When it comes to breaking down some of the complicated tasks in life, we tend to focus on strategies or step-by-step guides. This can work when the job is simple. Like, “How do I make chocolate brownies?” Google answers, “First get a pan. Then turn on the oven.” However, reducing complex elements of our life (e.g., investing) to a simplistic how-to can actually disempower us.
Investing is not the place to take short cuts.
Without knowing why we do something, we are forever locked into adherence to a strategy and not the freedom of understanding the underlying intentions. We then argue about the smaller points, rather than fundamental truths. Investing is not the place for us to take short cuts.
We believe in principle-based investing. Operating from an understanding of values, needs, and one’s long-term objectives is paramount to being truly empowered and ultimately successful. When it comes to investing, it is often necessary to “back up the truck” so to speak. We need to pull up to the curb, grab a cup of tea and sit with the notions of what we are trying to accomplish and why.
It is essential to know what an investment really is.
First, it is essential to know what investing means. There are so many misuses of the word in everyday language and it can get confusing. Investing involves allocating resources or acquiring an asset with the specific goal of achieving appreciation or a financial reward.
Anything that begins to depreciate the second it is purchased cannot legitimately qualify as an investment. We often hear people talk about buying a new outfit for a job interview as an investment. It is an expenditure with the goal of making you feel good, and there is nothing wrong with that. But, it doesn’t qualify as an investment. However, if you are taking a course that will lead to a pay upgrade, you are making an investment. If you borrow money to start a business (with a business plan that has been approved of by two people outside your family), with the express goal of making a profit, you are making an investment.
It is as important to know what you are getting into as how you will get out.
When you purchase a home in market like Metro Vancouver, you are in more of a hybrid situation since a home’s biggest job is to provide shelter. However, in this particular real estate market it does have an underlying investment component. It would not be considered a pure investment unless the plan was to sell when the market was high, as you would a stock or inventory for your business.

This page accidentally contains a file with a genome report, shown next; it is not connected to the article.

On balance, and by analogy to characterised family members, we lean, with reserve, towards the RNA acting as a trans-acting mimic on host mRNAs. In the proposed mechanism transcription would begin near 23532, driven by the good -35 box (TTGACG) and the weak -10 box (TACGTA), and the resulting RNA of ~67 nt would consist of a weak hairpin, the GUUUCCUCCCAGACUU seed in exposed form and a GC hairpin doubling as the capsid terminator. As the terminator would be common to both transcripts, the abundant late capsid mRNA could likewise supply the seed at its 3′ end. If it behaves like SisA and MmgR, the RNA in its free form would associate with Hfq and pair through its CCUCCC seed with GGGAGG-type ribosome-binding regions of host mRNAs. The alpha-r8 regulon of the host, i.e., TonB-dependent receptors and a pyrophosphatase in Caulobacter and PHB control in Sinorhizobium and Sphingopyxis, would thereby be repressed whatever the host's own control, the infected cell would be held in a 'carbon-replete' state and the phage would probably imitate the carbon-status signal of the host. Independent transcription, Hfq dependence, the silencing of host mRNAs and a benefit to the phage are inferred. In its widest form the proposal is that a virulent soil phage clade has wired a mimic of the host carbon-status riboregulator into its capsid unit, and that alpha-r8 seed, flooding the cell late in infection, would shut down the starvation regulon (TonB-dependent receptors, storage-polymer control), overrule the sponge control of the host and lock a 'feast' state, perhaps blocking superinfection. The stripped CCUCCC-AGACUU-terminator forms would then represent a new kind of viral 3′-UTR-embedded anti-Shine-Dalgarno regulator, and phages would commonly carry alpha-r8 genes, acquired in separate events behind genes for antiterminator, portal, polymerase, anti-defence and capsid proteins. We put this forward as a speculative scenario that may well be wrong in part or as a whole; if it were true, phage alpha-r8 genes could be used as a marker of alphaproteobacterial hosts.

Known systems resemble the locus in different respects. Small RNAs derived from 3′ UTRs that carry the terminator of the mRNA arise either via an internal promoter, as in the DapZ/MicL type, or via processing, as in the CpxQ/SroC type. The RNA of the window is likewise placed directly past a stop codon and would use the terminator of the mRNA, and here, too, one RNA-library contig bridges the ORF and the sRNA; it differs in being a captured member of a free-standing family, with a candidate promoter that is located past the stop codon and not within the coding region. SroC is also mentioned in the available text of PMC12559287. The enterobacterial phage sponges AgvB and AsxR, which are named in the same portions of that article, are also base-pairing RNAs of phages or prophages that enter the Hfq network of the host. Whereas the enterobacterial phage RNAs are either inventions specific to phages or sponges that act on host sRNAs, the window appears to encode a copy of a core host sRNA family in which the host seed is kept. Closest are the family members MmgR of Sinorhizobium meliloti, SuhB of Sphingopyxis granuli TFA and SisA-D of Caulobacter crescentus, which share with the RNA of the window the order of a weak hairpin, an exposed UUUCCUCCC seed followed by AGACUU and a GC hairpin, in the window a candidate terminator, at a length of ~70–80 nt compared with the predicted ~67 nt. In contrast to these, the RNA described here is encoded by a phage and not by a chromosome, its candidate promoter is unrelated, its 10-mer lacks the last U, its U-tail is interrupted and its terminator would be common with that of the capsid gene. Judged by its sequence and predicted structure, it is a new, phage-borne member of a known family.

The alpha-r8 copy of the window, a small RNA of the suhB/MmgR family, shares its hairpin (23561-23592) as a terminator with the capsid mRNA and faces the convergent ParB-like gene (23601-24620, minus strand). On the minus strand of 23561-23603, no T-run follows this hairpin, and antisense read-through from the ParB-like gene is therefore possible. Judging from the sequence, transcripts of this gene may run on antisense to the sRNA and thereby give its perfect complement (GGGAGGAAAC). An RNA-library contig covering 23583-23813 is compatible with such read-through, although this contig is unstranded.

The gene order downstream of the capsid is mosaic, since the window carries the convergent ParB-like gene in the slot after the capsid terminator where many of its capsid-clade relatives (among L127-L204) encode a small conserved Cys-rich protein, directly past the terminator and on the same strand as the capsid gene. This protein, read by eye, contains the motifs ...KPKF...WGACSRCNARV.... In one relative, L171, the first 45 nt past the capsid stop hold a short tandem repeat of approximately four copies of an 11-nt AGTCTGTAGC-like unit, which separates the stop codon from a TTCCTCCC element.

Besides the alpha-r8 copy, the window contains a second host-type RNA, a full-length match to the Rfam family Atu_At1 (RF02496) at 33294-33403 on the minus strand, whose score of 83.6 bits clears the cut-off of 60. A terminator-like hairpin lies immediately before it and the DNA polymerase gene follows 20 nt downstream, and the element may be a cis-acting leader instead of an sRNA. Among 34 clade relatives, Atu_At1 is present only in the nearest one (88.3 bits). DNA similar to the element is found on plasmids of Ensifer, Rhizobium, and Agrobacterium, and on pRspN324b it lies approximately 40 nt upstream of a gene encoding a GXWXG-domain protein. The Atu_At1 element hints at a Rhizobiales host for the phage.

Another element of whether something is an investment is your exit strategy. Most pure investments have an achievable endpoint where the gain will be realized. It is as important to know what you are getting into as how you will get out. And, the “getting out” is often ignored. Having a goal with an exit strategy are components of a good investment practice.
There are essentially two different ways to enter into investing:
- Your workplace offers you options to invest. The best scenario is when your company offers to match what you invest. Take advantage of these options.
- You initiate your own investment process. This is often a more challenging process when starting out.
If you are lucky, your employer has a matching retirement benefit plan. If so, this is your first and easiest place to begin an investment program. It is your job to understand what is being offered and how it will benefit you. It is shocking how many people do not take advantage of company stock purchase plans or matching savings programs.
If it is up to you to initiate your investing process, it should typically occur when:
- You have surplus cash flow.
- You have adequate cash reserve (not just access to a line of credit).
- Most, if not all, debt (except student loans) has been paid off.
Because investing is seen as kind of “sexy”, we often want to rush into it without having a solid economic foundation. If you are ready to move forward, it is essential to establish the objective of your investment strategy and the length of time you have to realize your goal.
What and how we invest is dependent on how long we have in the market. Time is a great advantage. Most diversified well-balanced portfolios will appreciate over the long term, but they will suffer many short-term declines on the way up. It is imperative that you do not liquidate during a decline. Selling out low can be terrible and disheartening. And of course, is often unprofitable.
Know where and how you will invest.
Another important consideration is to know where and how you will invest. It can be difficult sorting out what each financial professional and institution can do, and what they cannot. Do some homework and determine for yourself what will be the best fit for you.
You do not have to get fancy to be a successful investor. By being principle-based and understanding your own needs and long-term goals, you are in a better position to advocate for yourself and attract the right strategies, advisors and methods. Remember, the strategies are the easy part. Developing solid principles for yourself takes a bit more time, but positions you well for long-term success.
Useful Resource: Tax Calculators & Rate Tables
Need help figuring out tax implications when investing? These Ernst & Young online tax calculators and rate tables are useful tools to help simplify the tax process, especially when trying to decide whether to invest in “registered” or “non-registered” investment options.
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